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  • We're strolling sluggishly down the once familiar streets of downtown DeLand, Sara and I, two weeks too early for the book signing. But we've bought the book.

    Past the New Age store and the tailor's, we fade onto a bench at the edge of the breezy sidewalk, unable to resist cracking Ronald's book open. It seems fitting somehow to be reading it here, in this place, at this time--a homage not only to the man, the writer, but the places he's brought to life over the years with his poignant words.

    I've always thought that Ronald--the Man Behind the Desk Scattered with Strange Things--was the best writer at the newspaper. His West Volusia office filled with old and meaningful curios has long been emptied; we can no longer wander inside in search of conversation, inspiration and sanity.

    He works mostly from home now since shifting from the closed bureau to the noisy main newsroom without even a tiny hole to call his own. I miss seeing his Crusoe-like frame, his grey beard, the claw he'd make with his hand every time someone entered his office--a sort of defense mechanism to keep strangers at bay. I miss searching out the sadness in his eyes.

    "Kc," he'd greet with an endearing mixture of dread and fondness, bringing up the Claw.

    "Rwww," I'd respond, plopping into an amber leather chair, my ad hoc psych's couch. Or sometimes: "Uncle Wonald!"

    When I left the country last year, he was one of the only ones who sought me out, sending haiku-like e-mails inquiring about my adventures and trials, my writing and the changing season that had become my life.

    It's true that there are passages in this life that bring us into contact with some amazing people and I'm continuously reminded, even in his painful absence, how much of a beautiful human being Ronald Williamson is. It makes me want to reach out and hug him when I do seem him. Though that seldom succeeds.

    He has this uncanny knack for profoundly capturing people and places, for finding the beauty and restoring my faith in this Southern county through the tiny moments that make life a fulfilling journey.

    The funny thing is that I don't think Ronald knows how many lives and people he's touched--reporters, readers, those he's met along the story's way. I don't think he will ever know how much love and regard I have for him as a writer, a mentor and an awesome human being.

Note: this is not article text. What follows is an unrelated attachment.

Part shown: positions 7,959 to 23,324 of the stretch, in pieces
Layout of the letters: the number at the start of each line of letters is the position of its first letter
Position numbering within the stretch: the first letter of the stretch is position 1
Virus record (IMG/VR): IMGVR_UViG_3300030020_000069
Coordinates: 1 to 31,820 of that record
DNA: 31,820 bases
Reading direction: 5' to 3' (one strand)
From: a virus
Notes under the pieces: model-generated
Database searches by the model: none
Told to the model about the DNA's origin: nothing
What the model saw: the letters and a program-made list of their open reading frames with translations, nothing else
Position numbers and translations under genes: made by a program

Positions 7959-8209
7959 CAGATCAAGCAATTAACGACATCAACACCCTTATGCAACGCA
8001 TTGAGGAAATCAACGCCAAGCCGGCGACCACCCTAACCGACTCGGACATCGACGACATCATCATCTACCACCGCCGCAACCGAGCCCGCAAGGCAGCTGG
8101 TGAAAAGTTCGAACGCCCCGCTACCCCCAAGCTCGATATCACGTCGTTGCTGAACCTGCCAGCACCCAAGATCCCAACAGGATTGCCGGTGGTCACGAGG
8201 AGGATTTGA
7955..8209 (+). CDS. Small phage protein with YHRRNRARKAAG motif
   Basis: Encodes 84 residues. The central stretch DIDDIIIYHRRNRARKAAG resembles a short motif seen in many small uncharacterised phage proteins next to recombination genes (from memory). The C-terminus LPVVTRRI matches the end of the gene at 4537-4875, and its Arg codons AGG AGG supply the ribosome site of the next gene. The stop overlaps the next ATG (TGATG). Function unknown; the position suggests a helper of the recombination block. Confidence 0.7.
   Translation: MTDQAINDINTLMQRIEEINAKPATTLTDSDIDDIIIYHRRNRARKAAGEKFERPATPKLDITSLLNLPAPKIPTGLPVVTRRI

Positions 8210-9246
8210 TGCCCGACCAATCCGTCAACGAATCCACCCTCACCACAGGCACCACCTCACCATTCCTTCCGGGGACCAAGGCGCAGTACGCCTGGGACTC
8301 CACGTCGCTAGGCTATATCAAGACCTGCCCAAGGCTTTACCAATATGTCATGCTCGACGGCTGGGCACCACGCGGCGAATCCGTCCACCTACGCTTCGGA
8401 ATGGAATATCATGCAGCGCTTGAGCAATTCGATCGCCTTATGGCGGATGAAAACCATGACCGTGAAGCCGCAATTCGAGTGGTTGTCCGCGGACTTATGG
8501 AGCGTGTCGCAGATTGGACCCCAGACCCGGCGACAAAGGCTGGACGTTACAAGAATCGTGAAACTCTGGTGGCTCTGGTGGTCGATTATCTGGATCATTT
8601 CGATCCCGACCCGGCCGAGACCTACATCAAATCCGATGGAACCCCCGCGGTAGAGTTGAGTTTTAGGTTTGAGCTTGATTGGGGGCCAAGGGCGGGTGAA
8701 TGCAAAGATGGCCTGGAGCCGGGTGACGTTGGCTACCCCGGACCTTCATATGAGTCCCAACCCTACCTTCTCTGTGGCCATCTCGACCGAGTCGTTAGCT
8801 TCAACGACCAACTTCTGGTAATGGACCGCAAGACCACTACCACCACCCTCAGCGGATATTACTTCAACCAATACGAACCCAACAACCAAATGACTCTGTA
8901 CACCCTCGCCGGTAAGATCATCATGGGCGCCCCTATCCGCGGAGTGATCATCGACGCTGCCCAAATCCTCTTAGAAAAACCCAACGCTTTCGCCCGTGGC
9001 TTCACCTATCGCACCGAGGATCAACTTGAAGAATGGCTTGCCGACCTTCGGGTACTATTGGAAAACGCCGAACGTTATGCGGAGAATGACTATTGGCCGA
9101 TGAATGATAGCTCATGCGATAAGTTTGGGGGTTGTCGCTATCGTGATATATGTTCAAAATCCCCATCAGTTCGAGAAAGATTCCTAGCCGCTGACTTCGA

In his introduction he writes in true self-aggrandizing style: Each story is not necessarily the best story that could be told, or the most interesting, or the greatest, or perhaps not even the story that should have been told. They're merely the stories that were possible to tell at a given time, in a given place. And, I hope, stories worth telling.

    Oh, Ronald. If you only knew how much those stories mean to so many people, including a once fledging reporter who sought advice from and solace in a wiser fellow creative, who finds inspiration in words written long before she came along.

    With the state of the newspaper industry and, indeed, our own paper, I sometimes wonder how long it'll be before Ronald must leave us, whether it is of his own choosing or with accepting relief. What kind of times are we living in if we don't fight, don't do everything in our power, to keep writers and people like Ronald? I don't think I even want the answer to that.

    On the bench today, I flip open to the first column in the book, "Blind Sarah."

    "Look," I tell the Sara at my side. "Blind Sarah." We smile.

    We read four pages to the end. I shut the book and lean back, staring upwards. The old buildings are no match for the skyline. I exhale contentedly.

    "You know what?" I say. "I feel so at peace right now."

    For this is what Ronald does: Ronald moves me. With goose-pimpled arms, we stand in the city whose streets we once walked everyday, books clutched carefully to our sides, and make our way home.

    I wrote this post in October 2008. Since then, I left the paper and Ronald was laid off, though not necessarily in that order. He lives in Deland and continues to write and edit on private projects. I thought about him today and dug this up. Walk good, Ronald.
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